China's first X-ray astronomical satellite, launched in mid June, is expected to start regular observation in November and its data will be open to scientists all over the world, say the main designers of the satellite's data system.
The 2.5-tonne Hard X-ray Modulation Telescope (HXMT), dubbed Insight, transmitted to a ground station its first data on its second day in orbit. The data proved to be of good quality, and the telescope detected a gamma-ray burst 10 days after its launch.
HXMT carries a trio of detectors -- the high energy X-ray telescope (HE), the medium energy X-ray telescope (ME) and the low energy X-ray telescope (LE) -- that cover a broad energy band from 1 keV to 250 keV. It will help scientists better understand the evolution of black holes and the strong magnetic fields and interiors of pulsars.
"We will finish calibrating all instruments within the first five months in orbit before Insight starts regular observation," said Song Liming, deputy chief designer of the HXMT science ground segment and a scientist with the Institute of High Energy Physics (IHEP) of the Chinese Academy of Sciences (CAS).
Song and his team solicited observation proposals from scientists around the country last year, and drew up a one-year observation plan after evaluating 90 proposals from six CAS institutes and 10 universities.
"After starting regular observation, the telescope will spend 30 to 40 percent of its first year scanning the Galactic plane and the rest of the time on pointing observation," said Qu Jinlu, deputy chief designer of the HXMT science ground segment and a scientist with IHEP.
"We divide the galactic plane into 19 sky zones. It will take the telescope over two hours to scan each and about two days to finish the whole, if we don't count the time to avoid the sun," said Qu.
Insight will see recurrent or even periodic outbursts of known sources, and is good at searching for new sources that are transiently bright in X-rays.
"If the telescope detects a new source, we will assess its scientific value right away to decide whether it's worth a pointing observation," Qu explained.
Song said experts who have contributed to the HXMT project, both at home and abroad, and those who see their proposals adopted can access and use the observation data exclusively for one year, in line with international practice.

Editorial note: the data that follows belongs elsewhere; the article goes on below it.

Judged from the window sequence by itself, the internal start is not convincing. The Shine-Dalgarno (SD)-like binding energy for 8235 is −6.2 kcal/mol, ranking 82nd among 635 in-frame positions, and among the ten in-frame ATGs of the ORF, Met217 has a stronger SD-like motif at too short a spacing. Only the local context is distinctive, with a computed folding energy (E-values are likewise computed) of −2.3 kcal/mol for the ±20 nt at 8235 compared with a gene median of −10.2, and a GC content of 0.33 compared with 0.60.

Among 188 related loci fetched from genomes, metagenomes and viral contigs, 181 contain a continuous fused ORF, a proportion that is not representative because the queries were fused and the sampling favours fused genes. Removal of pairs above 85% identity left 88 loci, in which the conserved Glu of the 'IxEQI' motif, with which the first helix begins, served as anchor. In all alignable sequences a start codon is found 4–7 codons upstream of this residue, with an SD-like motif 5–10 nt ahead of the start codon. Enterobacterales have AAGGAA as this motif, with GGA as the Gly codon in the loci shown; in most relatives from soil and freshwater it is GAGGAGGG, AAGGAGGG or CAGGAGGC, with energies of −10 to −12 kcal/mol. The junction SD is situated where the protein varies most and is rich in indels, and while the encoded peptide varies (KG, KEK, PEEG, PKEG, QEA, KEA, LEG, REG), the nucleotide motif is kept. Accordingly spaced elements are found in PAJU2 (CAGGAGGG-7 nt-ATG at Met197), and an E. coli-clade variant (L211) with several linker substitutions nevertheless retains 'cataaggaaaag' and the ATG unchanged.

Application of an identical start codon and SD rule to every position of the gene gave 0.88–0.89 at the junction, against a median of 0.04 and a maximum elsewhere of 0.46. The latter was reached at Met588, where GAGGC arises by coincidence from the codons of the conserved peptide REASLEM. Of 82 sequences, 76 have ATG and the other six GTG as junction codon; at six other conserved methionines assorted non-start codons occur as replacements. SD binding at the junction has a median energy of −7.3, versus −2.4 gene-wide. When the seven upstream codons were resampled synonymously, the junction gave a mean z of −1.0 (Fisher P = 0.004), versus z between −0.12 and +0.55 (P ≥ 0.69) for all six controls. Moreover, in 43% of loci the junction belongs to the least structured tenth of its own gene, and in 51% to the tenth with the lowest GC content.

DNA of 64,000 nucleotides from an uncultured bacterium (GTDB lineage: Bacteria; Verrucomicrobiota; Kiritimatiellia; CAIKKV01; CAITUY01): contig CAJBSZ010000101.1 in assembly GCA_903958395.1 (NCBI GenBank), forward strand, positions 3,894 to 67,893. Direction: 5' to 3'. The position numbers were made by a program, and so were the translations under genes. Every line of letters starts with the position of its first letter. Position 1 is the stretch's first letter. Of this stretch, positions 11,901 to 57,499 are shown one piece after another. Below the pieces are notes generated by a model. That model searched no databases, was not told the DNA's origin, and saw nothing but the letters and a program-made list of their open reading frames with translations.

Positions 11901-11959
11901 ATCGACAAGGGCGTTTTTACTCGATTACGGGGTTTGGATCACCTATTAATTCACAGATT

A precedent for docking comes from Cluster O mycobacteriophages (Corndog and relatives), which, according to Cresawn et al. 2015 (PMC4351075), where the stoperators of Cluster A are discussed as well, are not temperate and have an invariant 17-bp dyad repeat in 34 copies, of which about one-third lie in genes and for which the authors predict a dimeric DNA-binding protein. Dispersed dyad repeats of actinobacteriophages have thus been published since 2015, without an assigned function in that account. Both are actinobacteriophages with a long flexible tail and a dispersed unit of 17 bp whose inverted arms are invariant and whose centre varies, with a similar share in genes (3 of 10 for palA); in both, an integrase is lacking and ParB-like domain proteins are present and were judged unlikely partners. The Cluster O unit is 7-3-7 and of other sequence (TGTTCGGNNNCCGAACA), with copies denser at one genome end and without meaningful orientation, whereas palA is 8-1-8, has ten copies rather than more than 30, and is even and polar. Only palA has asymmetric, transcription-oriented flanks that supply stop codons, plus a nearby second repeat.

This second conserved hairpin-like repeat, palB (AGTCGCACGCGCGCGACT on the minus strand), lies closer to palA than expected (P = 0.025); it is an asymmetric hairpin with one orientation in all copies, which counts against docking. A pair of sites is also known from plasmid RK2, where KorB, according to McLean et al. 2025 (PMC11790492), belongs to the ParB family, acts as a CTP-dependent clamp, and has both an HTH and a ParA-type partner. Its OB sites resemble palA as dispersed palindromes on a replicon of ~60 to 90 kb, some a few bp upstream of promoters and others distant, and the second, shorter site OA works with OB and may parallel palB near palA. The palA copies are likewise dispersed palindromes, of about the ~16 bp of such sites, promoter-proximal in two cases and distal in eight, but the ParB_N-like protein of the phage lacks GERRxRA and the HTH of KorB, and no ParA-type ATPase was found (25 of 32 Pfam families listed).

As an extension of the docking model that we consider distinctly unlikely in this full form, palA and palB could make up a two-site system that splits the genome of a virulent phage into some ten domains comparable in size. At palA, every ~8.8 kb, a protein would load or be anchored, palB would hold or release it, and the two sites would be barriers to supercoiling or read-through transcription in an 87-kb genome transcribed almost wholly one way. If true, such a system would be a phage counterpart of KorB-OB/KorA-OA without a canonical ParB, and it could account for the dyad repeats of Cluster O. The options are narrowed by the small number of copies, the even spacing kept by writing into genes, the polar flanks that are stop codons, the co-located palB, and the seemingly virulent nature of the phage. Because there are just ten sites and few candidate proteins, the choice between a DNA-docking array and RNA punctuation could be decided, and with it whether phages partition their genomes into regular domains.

"After one year, the data will be open to everybody. Even middle school students will be able to download our data, if they are interested," Song said.
Song's team will build a calibration database and offer more than 300 data products.
"We will process the original data into products that are up to international standards, so that it's easy for scientists from around the world to analyze for further information, such as the energy spectrum or light curve," Song said.
Before joining the science ground segment, Song was researching the high-energy radiation of pulsars. "The biggest challenge for me was changing from a user to a designer," he said.
Song, like most domestic astronomers, relied on data from foreign satellites in his research, but had never thought how to build a data system.
"How do we make our data available to users? What kind of products shall we offer? We knew nothing when we first started setting up the ground segment," he said.
Song and his co-workers went abroad to learn by asking all kinds of "silly" questions. But sometimes, they had to figure out answers by themselves.
"For example, we had no idea where the background data of those foreign satellites come from, which forced us to study the problem from the very beginning," he said, "We got to know the whole structure and detailed procedures when building the science ground segment, which is our biggest achievement and will help us better support new satellites in future."